Consumer Prices Record Biggest Jump in More Than a Year

consumer price index
Patrick T. Fallon/Bloomberg via Getty Images

By Lucia Mutikani

WASHINGTON -- U.S. consumer prices recorded their largest increase in more than a year in May as costs for a range of goods and services rose, pointing to a steady firming of inflation pressures.

The Labor Department said Tuesday its Consumer Price Index increased 0.4 percent last month, with food prices posting their biggest rise since August 2011.

The uptick in price pressures should comfort some Federal Reserve officials who had worried inflation was running too low. Still, a separate inflation gauge watched most closely by the Fed continues to run below the U.S. central bank's 2 percent target.

Fed officials start a two-day policy meeting Tuesday. The Fed is expected to further trim its monthly bond buying program, but isn't seen raising interest rates until mid-2015.

A separate report from the Commerce Department showed housing starts and permits fell in May, a sign that the housing recovery could remain in slow mode. Fed Chair Janet Yellen has warned that a protracted housing slowdown could undermine the economy.

Groundbreaking for homes fell 6.5 percent to a seasonally adjusted annual pace of 1 million units in May. Permits declined 6.4 percent to a 991,000-unit pace, pulling back from the 1.06 million units touched in April.

U.S. stock index futures turned negative on the data, while prices for U.S. Treasury debt fell. The dollar hit session highs versus the yen and the euro.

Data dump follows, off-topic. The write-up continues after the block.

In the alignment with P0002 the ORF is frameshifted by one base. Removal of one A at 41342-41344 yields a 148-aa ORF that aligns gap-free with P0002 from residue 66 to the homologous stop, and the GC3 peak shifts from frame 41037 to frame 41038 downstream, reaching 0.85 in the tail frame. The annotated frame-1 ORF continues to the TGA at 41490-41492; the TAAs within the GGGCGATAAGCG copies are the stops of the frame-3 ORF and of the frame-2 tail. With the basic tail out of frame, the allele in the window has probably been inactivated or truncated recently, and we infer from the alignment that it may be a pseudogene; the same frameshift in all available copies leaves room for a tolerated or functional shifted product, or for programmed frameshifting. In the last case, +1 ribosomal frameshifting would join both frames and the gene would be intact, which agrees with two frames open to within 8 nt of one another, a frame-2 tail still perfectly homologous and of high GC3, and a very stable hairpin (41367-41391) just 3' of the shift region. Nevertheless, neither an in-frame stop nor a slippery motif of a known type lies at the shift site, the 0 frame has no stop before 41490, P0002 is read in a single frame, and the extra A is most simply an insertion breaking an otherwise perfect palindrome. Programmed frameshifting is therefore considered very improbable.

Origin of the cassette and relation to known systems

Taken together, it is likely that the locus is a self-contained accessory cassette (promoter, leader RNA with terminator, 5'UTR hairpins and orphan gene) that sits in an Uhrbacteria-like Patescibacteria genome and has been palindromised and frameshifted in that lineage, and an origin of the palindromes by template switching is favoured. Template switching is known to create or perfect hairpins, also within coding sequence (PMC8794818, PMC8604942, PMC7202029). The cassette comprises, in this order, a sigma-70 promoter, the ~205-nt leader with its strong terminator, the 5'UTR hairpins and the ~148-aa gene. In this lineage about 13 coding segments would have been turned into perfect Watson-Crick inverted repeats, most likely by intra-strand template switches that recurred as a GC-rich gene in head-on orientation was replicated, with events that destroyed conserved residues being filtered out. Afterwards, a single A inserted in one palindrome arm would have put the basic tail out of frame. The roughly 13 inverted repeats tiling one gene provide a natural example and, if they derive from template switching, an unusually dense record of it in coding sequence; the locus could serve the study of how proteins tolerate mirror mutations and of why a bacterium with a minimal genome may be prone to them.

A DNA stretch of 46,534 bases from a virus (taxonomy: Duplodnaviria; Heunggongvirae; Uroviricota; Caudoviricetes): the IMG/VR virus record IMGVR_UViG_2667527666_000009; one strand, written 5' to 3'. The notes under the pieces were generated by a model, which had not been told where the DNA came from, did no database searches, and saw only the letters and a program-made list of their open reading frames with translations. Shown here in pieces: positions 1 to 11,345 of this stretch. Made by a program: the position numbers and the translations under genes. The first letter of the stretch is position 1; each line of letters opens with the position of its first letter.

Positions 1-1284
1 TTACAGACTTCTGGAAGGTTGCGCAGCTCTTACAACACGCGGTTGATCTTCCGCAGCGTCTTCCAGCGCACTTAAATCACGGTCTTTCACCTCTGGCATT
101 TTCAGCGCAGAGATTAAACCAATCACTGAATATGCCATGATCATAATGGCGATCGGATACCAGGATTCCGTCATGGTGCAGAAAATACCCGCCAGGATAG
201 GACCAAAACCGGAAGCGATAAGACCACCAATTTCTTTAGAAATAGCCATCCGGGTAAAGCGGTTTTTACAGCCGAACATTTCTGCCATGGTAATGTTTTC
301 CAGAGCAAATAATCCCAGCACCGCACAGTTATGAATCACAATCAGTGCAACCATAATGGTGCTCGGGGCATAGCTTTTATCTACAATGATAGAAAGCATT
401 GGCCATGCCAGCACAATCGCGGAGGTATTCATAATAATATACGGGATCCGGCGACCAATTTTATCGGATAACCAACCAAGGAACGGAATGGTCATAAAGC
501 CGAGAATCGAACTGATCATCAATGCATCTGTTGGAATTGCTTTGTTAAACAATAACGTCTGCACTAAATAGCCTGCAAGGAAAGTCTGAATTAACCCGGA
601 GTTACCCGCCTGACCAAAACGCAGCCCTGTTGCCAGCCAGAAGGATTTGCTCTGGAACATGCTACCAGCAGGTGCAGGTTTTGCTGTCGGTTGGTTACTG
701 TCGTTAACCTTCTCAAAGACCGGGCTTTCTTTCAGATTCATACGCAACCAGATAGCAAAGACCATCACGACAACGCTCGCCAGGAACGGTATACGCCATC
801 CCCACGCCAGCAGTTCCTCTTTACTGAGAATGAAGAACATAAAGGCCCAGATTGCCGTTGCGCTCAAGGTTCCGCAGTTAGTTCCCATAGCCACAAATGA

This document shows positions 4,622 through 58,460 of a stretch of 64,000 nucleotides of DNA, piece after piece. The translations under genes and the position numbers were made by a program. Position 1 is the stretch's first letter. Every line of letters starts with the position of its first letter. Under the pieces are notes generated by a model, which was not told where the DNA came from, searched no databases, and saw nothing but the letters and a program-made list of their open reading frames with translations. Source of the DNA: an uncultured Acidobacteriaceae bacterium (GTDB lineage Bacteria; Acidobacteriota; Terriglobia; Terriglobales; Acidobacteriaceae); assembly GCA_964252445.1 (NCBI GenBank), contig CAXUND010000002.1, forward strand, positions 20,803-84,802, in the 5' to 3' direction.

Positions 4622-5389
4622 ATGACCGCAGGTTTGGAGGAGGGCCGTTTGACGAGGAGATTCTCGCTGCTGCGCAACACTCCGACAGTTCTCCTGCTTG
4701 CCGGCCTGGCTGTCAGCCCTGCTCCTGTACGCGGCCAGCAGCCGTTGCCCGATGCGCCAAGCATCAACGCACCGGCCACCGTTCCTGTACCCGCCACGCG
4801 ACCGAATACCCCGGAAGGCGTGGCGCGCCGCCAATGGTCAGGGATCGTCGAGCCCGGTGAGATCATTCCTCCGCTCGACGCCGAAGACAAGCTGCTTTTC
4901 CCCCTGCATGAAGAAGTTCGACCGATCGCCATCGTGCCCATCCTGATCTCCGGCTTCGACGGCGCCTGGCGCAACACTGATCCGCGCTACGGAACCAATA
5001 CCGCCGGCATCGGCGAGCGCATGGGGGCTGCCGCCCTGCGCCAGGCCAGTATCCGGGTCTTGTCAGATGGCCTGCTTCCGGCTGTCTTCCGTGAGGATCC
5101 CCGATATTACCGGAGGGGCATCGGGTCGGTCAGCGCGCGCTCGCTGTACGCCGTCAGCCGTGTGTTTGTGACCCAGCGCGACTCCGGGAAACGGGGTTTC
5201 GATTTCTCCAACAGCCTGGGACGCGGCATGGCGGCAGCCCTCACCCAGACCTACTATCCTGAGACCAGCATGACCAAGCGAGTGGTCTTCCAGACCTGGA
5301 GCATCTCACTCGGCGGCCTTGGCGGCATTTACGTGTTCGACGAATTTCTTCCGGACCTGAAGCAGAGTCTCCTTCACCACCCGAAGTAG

"Medical care costs will help push inflation to 2 to 2.5 percent later this year. But the Fed could tolerate that," said Craig Dismuke, chief economic strategist at Vining Sparks in Memphis, Tennessee.

Last month's increase in consumer prices was the largest since February 2013 and above economists' expectations for a 0.2 percent gain. It followed a 0.3 percent advance in April.

In the 12 months through May, consumer prices increased 2.1 percent, the biggest rise since October 2012. That came on top of a 2 percent rise in April and was above economists' expectations for a year-on-year increase of 2 percent.

It was the first back-to-back 2 percent rise in the year-on-year CPI since early 2012.

%VIRTUAL-article-sponsoredlinks%Stripping out food and energy prices, the so-called core CPI rose 0.3 percent, the largest increase since August 2011. It had risen 0.2 percent in April.

In the 12 months through May, the core CPI increased 2 percent. That was the biggest gain since February of last year and followed a 1.8 percent rise in April.

Economists had forecast the core CPI rising 0.2 percent from April and 1.9 percent from a year-ago.

Food prices increased 0.5 percent in May, rising for a fifth consecutive month. Prices for meat, dairy, fruit and vegetables rose. Poultry and fish prices also increased as did the cost of eggs. Gasoline prices increased 0.7 percent. Prices for electricity also rose after declining in the prior month.

The core CPI was lifted by a 0.3 percent rise in rent. There were also increases in medical care costs, apparel, new cars prices and airline fares.

-Additional reporting by Richard Leong in New York.

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